Learning With a Master

Issue Date: 
January 12, 2009


One of India’s top musical virtuosos, Samir Chatterjee, joined Pitt’s faculty in 2007 to codirect Pitt’s Indian music program—and his presence has brought new sounds to the classroom as well as a different approach to teaching students.

Chatterjee began teaching in the fall of 2007 with a group of just six students chosen from a waiting list. Now, a little more than a year later, he has settled into his role as Pitt’s instructor of tabla, a popular Indian percussion instrument that consists of a pair of small drums. His small-group courses make Pitt the first university in Western Pennsylvania to offer an Indian music program. And his students are quickly learning that playing the ancient drum rhythms is much more than a musical experience.


“In the West, most of today’s music education has become product-oriented,” explained Chatterjee, a soft-spoken man with a gentle smile. “But in the Indian tradition, it is still process-oriented. So the experience of learning, of practicing, of being in contact with the guru

. . . all of these become absorbed into your system—physically and mentally—ultimately elevating you to a higher state of consciousness. That’s how it becomes a spiritual experience.”

Andrew Weintraub, Pitt professor of music and codirector of the Indian music program, says playing Indian music helps students make valuable connections to that nation’s culture.

“You’re sitting on the floor, barefoot with an Indian master. The way your body is positioned, your legs fall asleep and your arms get tired as you practice the hand techniques over and over. Some practice 10 hours a day to become good musicians. It’s very meditative,” he said, “but also very rigorous.”

At noon one day last month, Chatterjee’s small class presented its end-of-semester recital in the Music Building. Seated on straw mats, the first handful of students drummed the basic beats of the rhythmic system called tala. Then Chatterjee introduced the soloist—his intermediate student, Ashish Yeri. The audience seemed transfixed as Yeri’s fingers moved rapidly over the two drums, producing both bass and higher bell-like sounds, characteristic of the tabla.

“To study under Professor Chatterjee in India would be extremely difficult,” said Yeri, a graduate student in chemical engineering, explaining that in India, one either begins playing very young or is accepted as a more advanced student. “I’m lucky to learn under him now, and Pitt is lucky have him,” Yeri added.

The story behind how Chatterjee came to Pitt begins with the vision of a nonmusician who has a love for Indian classical music that runs deeper than most.

Balwant Dixit, a longtime professor of pharmacology at Pitt, had established the Center for Performing Arts of India at Pitt in the 1980s to bring leading Indian musicians to the United States to lecture and perform. Cosponsored by the Indian Council of Cultural Relations, those appearances introduced thousands of people to the beauty and mystique of Hindustani classical music, which dates back to the 12th century, with much earlier roots in Vedic chants.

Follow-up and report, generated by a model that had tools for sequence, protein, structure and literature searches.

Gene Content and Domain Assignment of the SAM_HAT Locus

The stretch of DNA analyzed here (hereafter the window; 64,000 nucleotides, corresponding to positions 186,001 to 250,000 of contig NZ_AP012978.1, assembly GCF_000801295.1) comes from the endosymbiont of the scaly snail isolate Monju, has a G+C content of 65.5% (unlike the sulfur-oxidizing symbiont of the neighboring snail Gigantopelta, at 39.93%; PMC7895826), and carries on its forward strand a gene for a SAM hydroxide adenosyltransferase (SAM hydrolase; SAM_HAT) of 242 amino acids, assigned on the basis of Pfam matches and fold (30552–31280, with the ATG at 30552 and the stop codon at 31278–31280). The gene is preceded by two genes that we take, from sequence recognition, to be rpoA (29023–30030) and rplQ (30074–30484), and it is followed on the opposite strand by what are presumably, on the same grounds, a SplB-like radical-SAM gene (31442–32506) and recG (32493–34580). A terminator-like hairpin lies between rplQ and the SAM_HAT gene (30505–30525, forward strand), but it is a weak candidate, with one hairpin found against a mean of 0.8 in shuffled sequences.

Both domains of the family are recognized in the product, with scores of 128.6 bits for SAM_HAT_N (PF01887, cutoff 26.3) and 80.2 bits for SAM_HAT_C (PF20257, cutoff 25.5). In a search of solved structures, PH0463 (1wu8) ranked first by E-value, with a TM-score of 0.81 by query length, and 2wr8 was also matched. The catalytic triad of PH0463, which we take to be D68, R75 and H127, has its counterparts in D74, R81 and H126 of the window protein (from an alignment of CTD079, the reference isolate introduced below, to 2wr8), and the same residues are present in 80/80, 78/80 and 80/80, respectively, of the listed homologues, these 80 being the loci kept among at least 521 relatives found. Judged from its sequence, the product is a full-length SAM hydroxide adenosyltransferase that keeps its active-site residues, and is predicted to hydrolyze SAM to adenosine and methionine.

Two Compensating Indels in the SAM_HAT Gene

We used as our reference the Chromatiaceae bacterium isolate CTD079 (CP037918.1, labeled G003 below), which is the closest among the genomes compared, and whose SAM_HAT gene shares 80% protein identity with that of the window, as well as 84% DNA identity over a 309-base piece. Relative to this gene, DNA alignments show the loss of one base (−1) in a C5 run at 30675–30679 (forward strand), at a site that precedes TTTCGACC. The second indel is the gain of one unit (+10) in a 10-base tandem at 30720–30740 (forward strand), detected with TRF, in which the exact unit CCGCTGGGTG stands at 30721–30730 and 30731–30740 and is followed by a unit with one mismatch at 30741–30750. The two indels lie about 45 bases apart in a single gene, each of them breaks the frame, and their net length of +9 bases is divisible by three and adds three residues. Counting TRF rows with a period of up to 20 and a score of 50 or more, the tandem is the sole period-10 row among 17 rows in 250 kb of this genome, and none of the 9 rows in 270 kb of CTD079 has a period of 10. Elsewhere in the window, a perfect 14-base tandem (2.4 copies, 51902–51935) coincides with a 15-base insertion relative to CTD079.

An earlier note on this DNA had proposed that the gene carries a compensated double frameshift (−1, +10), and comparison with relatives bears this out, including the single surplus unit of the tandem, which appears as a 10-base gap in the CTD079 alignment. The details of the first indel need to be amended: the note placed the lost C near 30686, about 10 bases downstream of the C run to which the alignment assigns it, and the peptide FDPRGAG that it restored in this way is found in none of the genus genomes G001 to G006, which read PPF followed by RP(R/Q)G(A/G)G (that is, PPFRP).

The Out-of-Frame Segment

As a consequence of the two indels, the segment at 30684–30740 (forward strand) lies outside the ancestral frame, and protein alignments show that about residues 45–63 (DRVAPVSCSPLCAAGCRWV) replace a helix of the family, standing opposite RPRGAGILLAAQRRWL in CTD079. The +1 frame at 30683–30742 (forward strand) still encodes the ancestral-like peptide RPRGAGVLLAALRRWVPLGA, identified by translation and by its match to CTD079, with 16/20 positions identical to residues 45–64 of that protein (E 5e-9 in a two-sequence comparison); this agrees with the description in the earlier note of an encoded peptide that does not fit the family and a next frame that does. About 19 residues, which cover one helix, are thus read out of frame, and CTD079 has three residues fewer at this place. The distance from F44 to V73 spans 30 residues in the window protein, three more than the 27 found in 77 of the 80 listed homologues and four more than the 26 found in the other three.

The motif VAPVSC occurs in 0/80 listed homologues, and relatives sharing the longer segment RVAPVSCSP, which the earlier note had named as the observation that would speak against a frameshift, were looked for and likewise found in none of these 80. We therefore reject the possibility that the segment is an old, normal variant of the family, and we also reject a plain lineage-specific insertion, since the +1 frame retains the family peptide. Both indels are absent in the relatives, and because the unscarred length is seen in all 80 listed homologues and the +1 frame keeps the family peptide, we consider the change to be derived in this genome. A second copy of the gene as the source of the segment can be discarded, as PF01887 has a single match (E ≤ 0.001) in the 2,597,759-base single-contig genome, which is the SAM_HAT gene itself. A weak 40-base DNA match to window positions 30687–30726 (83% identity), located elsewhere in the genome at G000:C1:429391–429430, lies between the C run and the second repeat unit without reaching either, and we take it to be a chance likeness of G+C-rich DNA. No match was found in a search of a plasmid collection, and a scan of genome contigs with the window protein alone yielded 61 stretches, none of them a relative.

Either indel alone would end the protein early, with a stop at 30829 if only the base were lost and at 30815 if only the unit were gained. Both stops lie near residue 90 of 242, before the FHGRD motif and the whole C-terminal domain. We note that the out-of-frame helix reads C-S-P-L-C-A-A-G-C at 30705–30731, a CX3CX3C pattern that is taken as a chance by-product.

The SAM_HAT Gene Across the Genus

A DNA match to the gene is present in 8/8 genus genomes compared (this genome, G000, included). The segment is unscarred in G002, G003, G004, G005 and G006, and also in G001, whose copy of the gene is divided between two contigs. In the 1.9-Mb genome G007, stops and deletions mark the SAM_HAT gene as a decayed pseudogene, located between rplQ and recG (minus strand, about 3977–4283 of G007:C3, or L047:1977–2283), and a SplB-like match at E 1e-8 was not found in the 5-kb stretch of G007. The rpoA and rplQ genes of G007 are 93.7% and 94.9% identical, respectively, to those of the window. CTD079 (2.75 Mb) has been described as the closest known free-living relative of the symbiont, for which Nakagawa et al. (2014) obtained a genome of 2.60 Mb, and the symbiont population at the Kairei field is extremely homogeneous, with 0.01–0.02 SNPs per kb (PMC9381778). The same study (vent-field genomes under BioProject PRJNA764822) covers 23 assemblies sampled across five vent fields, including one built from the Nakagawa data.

But Pitt itself never had its own Indian music program. The only way to learn to play the tabla, for example, was to take private lessons.

But as Dixit approached retirement, he and Weintraub proposed to Music Department chair Mathew Rosenblum the idea of hiring Chatterjee to teach tabla at Pitt. Chatterjee had been working with Dixit for years through his own organization, Chhandayan, to help book musicians in concert venues all over the country.

“He was the perfect person,” said Weintraub, calling the 53-year-old Chatterjee a “world master” instrumentalist.

His students agree.

“I’m so blessed with the opportunity to be taught by him,” said music major Maria Escoriaza. “The few times that I felt distracted or distressed and frustrated with either the sounds I was getting from the tabla or with the complicated patterns, he would address the issues with such calmness that it would help me find myself again musically. It would immediately change my entire being to a tranquil state, and I was able to improve instantly.”

Other institutions also benefit from this world-class musician/instructor. While based at Pitt, Chatterjee also teaches courses at the Manhattan School of Music and Yale University. Thursday afternoons he teaches private classes in Cheswick, Pa., where Dixit himself is a student.

Weintraub said Chatterjee’s courses solidify Pitt’s reputation as the region’s leader in world music. “The courses, concerts, and colloquia we offer in the music department build on a long history of cultural and musical diversity in Pittsburgh,” he said. “Our ethnomusicology program and world music ensembles—the University Gamelan, the African drumming and dance ensemble, and our new Carpathian music group—make us a center for world music.”

But the tabla instructor gives much of the credit to Dixit, saying that the pharmacology professor’s “relentless hard work is ultimately paying off” through Pitt’s Indian music program.

“I am just here reaping the harvest,” Chatterjee smiled.

More information on the Indian music program is available at 412-624-4126 or anwein@pitt.edu.